No. 11211. Dewoitine HD.730
Photograph from Musée de l'Air

Dewoitine HD.730

03/31/2012. Designed as a catapult-launched light scout and observation aircraft to the French Navy's specification A50, the HD.730 was produced by a team led by Emile Dewoitine at the SNCAM ( Société Nationale de Constructions Aéronautiques du Midi) which, in 1937, had taken over the Societe Aeronautique Française Dewoitine under the Law for the Nationalization of Military Industries.

Two prototypes of the HD.730 were ordered from the Toulouse plant of the SNCAM on March 19, 1938, and these were transported to the SNCASE (Société Nationale de Constructions Aéronautiques du Sud-Est) plant at Marignane for final assembly, the first prototype flying from the Berre Lake in February 1940.

Powered by a 220 hp Renault 6Q-03 six-cylinder air-cooled inverted in-line engine driving a two-bladed Ratier-1759 electric airscrew, the HD.730 was of all-metal construction, the fuselage having a stressed light alloy skin and accommodating the pilot and the observer-gunner, and the single-spar stressed-skin wing being divided into five sections; the centre section built integral with the fuselage and four folding sections, those immediately outboard of the floats folding vertically and the extreme outboard panels folding to meet above the fuselage.

All movable control surfaces were fabric-covered, and the interchangeable floats were attached to the wings by cantilever pylons. All fuel was housed in two tanks in the wing centre section with a total capacity of 63.4 gal (240 l), a vertical camera was mounted in the rear fuselage, and defensive armament comprised one 0.295 in (7.5 mm) Dame machinegun with 300 rounds firing outside the airscrew arc, and a similar gun on a flexible mount for the observer.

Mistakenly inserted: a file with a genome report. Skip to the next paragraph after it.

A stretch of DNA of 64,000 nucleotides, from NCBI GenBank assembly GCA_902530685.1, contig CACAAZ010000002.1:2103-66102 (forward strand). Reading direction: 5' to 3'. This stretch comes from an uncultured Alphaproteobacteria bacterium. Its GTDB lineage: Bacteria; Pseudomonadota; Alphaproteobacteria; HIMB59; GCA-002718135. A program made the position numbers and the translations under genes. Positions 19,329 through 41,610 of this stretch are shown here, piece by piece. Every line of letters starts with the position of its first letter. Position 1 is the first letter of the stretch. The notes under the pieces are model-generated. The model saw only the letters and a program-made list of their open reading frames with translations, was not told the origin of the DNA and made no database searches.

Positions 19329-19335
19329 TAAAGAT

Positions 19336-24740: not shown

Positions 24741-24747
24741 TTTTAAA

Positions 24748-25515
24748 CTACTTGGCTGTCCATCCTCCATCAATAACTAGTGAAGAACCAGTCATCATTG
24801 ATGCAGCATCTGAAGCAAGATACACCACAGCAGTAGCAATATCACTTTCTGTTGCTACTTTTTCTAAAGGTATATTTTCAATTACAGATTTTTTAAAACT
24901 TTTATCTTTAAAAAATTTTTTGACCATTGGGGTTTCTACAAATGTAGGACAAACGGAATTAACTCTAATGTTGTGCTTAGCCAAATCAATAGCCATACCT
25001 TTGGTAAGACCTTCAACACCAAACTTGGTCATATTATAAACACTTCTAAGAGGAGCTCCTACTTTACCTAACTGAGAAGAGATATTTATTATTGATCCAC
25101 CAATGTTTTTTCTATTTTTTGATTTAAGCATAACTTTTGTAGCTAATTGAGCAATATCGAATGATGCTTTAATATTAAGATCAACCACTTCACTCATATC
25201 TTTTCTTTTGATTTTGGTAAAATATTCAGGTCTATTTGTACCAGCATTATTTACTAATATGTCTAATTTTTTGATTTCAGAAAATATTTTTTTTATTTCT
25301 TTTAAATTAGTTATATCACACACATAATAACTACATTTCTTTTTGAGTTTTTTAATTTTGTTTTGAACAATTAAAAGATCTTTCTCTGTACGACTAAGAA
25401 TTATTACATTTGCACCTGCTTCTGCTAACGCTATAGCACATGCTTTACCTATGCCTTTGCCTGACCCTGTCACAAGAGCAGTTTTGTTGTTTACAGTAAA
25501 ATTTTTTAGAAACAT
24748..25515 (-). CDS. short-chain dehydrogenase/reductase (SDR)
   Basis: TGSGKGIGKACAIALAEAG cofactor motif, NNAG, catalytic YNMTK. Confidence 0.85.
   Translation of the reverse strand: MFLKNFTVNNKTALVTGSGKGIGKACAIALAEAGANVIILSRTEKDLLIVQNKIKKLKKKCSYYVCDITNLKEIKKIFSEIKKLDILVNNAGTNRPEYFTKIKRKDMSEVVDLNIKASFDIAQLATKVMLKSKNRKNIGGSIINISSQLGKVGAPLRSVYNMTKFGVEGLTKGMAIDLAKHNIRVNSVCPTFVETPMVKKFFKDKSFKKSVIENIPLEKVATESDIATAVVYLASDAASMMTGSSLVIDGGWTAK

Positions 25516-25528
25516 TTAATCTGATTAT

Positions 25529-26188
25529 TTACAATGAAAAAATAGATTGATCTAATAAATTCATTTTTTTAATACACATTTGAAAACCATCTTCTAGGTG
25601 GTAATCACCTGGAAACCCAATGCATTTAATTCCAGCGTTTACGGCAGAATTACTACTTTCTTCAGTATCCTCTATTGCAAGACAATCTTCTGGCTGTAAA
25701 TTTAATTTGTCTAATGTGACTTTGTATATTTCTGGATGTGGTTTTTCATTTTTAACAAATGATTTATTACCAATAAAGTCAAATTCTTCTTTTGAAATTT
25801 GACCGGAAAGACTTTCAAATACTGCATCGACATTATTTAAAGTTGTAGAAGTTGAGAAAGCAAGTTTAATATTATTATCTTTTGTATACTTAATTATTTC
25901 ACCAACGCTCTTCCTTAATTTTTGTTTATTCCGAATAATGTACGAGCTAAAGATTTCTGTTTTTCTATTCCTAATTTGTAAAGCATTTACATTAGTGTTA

The HD.730-01 began evaluation trials at Saint Raphael on April 26, 1940, but it was obvious that the floatplane was underpowered, and it was proposed that the Renault 6Q-03 be replaced by a Beam 6D engine of 350 hp in the production model. In April 1940 it was proposed to order an initial batch of forty machines for the Navy with deliveries commencing in 1941, but in the event the order was not placed owing to France's collapse.

The HD.730-02 flew for the first time from the Berre Lake in May 1940, but its transfer to Saint Raphael was prevented by the capitulation of June 25, 1940, which grounded both prototypes, these subsequently being stored in the SNCASE plant at Mazargues, in the suburbs of Marseilles. Despite France's defeat, development of the basic design continued, and an extensively redesigned third machine, the HD.731-01, was built in Bagneres-de-Bigorre, assembled in the SNCASE plant at Marignane, and flown from the Berre Lake on March 11, 1941.

In order to enable the development of the aircraft to proceed, the HD.731-01 was referred to as a "hydravion colonial de liaison commerciale" (commercial colonial liaison seaplane). Powered by the 350 hp Beam 6D, the HD.731 had smaller overall dimensions than the HD.730, and the method of wing folding was revised, two folding points replacing the original four. The new wing had a shorter span and smaller area, and the entire trailing edge was occupied by slotted flaps and ailerons. All fuel was housed in a single 63.4 gal (240 l) tank located in the port side of the wing centre section, aft of the main spar.